Cosmos of the Ancients
The Greek Philosophers on Myth and Cosmology
Pherecydes of Syros
herecydes (flourished around 540 BC), traditionally credited to be the teacher of Pythagoras, was according to Theopompus - and Cicero - the first to write in the Greek language about nature and the gods, one of those texts being Heptamychos
, on the origin of the world, existing only in fragments. He is likely to have been the first to proclaim the immortality of the soul, if not second to Thales, and the originator of the principle of metempsychosis, the immortal human soul passing from one body to the next - human or animal - after the death of the flesh.
The beginning of the world he saw as the elements fire, air and water springing from Cronus. Diogenes Laertius quotes the beginning of a book of his: "Zeus and Time and Earth were from all eternity." In this he clearly opposed the primordial chaos of Hesiod, instead to be more in line with a number of presocratic philosophers stating the importance of recognizing something eternal, neither ever born nor ever dying. Those three primary and eternal deities are Zeus, Cronus and Chthonie, and of them it is Cronus who does, by his own seed, produce the three elements fire, breath (air) and water. From the elements a multitude of additional gods are born. Hermias explains the cosmogony of Pherecydes in this manner:
Pherecydes says the principles are Zen and Chthonie and Cronus; Zen is the aither, Chthonie the earth and Cronus is time; the aither is that which acts, the earth is that which is acted upon, time is that in which events come to pass.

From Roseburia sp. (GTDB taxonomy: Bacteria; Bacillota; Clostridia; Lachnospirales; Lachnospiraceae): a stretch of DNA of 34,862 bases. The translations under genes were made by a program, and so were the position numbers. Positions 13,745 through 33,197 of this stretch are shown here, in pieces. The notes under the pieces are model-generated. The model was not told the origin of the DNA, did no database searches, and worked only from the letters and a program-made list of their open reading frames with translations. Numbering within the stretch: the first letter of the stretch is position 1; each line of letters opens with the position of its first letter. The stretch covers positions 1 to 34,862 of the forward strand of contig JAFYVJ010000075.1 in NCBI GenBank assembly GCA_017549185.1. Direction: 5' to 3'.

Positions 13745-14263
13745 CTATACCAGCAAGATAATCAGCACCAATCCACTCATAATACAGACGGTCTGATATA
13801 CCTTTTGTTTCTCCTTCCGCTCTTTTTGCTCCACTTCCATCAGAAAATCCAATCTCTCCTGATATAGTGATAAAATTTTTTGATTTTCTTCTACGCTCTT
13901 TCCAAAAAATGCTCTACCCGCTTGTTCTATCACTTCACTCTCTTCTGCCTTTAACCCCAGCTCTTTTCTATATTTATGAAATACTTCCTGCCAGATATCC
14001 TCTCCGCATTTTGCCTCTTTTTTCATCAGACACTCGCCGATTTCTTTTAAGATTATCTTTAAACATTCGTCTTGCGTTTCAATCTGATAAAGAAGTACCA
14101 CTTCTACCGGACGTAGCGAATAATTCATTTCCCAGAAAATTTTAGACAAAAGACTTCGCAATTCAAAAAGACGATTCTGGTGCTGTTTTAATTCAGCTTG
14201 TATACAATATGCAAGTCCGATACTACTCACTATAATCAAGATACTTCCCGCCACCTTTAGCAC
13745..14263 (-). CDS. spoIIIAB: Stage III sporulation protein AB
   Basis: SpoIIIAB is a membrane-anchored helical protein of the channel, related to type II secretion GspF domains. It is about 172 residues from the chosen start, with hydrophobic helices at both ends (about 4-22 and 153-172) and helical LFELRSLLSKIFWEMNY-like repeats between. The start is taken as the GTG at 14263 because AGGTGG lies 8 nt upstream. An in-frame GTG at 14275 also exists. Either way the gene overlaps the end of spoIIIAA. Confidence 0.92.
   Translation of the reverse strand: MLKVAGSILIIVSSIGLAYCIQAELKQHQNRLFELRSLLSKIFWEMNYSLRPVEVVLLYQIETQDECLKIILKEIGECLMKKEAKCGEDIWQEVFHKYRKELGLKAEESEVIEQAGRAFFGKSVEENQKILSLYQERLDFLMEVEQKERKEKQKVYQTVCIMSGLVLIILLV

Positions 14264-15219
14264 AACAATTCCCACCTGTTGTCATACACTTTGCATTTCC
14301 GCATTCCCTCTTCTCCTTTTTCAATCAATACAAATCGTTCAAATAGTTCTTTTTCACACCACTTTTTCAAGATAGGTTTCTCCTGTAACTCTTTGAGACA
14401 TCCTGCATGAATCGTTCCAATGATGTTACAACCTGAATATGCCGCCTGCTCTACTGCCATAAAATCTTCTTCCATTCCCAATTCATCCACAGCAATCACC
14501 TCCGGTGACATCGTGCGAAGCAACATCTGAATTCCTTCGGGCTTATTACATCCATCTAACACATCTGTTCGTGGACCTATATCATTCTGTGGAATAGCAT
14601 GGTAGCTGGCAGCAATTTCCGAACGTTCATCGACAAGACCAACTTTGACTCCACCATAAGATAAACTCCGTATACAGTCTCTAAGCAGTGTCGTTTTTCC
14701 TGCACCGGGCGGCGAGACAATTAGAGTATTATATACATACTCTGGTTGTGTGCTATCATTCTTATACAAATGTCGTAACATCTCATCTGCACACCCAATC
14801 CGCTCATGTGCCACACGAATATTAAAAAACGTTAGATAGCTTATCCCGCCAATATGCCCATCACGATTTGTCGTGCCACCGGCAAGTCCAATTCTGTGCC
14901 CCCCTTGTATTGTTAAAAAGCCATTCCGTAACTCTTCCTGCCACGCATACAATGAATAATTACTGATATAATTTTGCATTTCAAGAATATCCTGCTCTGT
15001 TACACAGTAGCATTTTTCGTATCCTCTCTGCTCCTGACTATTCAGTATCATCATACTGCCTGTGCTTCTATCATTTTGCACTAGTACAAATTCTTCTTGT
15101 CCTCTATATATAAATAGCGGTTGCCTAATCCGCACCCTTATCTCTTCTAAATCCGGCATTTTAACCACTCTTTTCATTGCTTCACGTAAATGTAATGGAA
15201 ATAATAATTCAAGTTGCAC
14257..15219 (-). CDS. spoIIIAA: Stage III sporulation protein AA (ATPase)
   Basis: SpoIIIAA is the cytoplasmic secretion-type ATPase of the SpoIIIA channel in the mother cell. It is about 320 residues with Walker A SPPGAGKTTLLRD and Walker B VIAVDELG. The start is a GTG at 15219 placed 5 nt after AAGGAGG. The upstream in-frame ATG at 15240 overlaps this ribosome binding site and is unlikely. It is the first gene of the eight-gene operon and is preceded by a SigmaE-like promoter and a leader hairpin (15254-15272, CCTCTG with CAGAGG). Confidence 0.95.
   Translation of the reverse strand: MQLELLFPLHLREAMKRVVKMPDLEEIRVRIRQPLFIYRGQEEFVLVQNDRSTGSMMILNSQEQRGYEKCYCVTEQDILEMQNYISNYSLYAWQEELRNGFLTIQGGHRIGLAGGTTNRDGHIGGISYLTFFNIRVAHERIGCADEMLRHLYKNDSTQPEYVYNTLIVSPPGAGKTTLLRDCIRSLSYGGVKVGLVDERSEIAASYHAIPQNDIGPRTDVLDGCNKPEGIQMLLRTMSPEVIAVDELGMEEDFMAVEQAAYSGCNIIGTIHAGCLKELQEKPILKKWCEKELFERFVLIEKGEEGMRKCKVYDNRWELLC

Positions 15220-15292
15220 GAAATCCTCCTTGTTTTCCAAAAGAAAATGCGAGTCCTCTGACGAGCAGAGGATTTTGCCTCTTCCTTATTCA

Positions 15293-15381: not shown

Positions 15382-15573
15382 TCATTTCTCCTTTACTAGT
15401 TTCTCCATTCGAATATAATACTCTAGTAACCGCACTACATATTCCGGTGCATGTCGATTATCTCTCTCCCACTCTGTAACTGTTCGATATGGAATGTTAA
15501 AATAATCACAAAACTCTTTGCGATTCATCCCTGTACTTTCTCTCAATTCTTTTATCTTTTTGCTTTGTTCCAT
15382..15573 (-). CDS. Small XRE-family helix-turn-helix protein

Zen is Zeus, by Pherecydes spelled in many differing ways. Says Herodian: "I am not unaware that God is variously spoken of by the ancients. For there is also Dis and Zen and Den and Zas and Zes in Pherecydes according to his own inflection."
Aristotle argued that Pherecydes, calling him a theologian, was mixing philosophical reasoning with myth, when stating that the god Zeus would be the original ruler. This mixture of his, where the gods represent fundamental forces of nature, could also be called allegorical, in the sense used about mythology, where gods and myths about them represent certain meanings or events, other than those described.
Schibli, Hermann S., Pherekydes of Syros
, Oxford 1990.
Diogenes Laertius, Lives of Eminent Philosophers, translated by R. D. Hicks, volume I, Loeb, London 1942.
Aristotle, Metaphysics, 1091a29-b 12, quoted in Schibli, Hermann S., Pherekydes of Syros, Oxford 1990.
© Stefan Stenudd 2000
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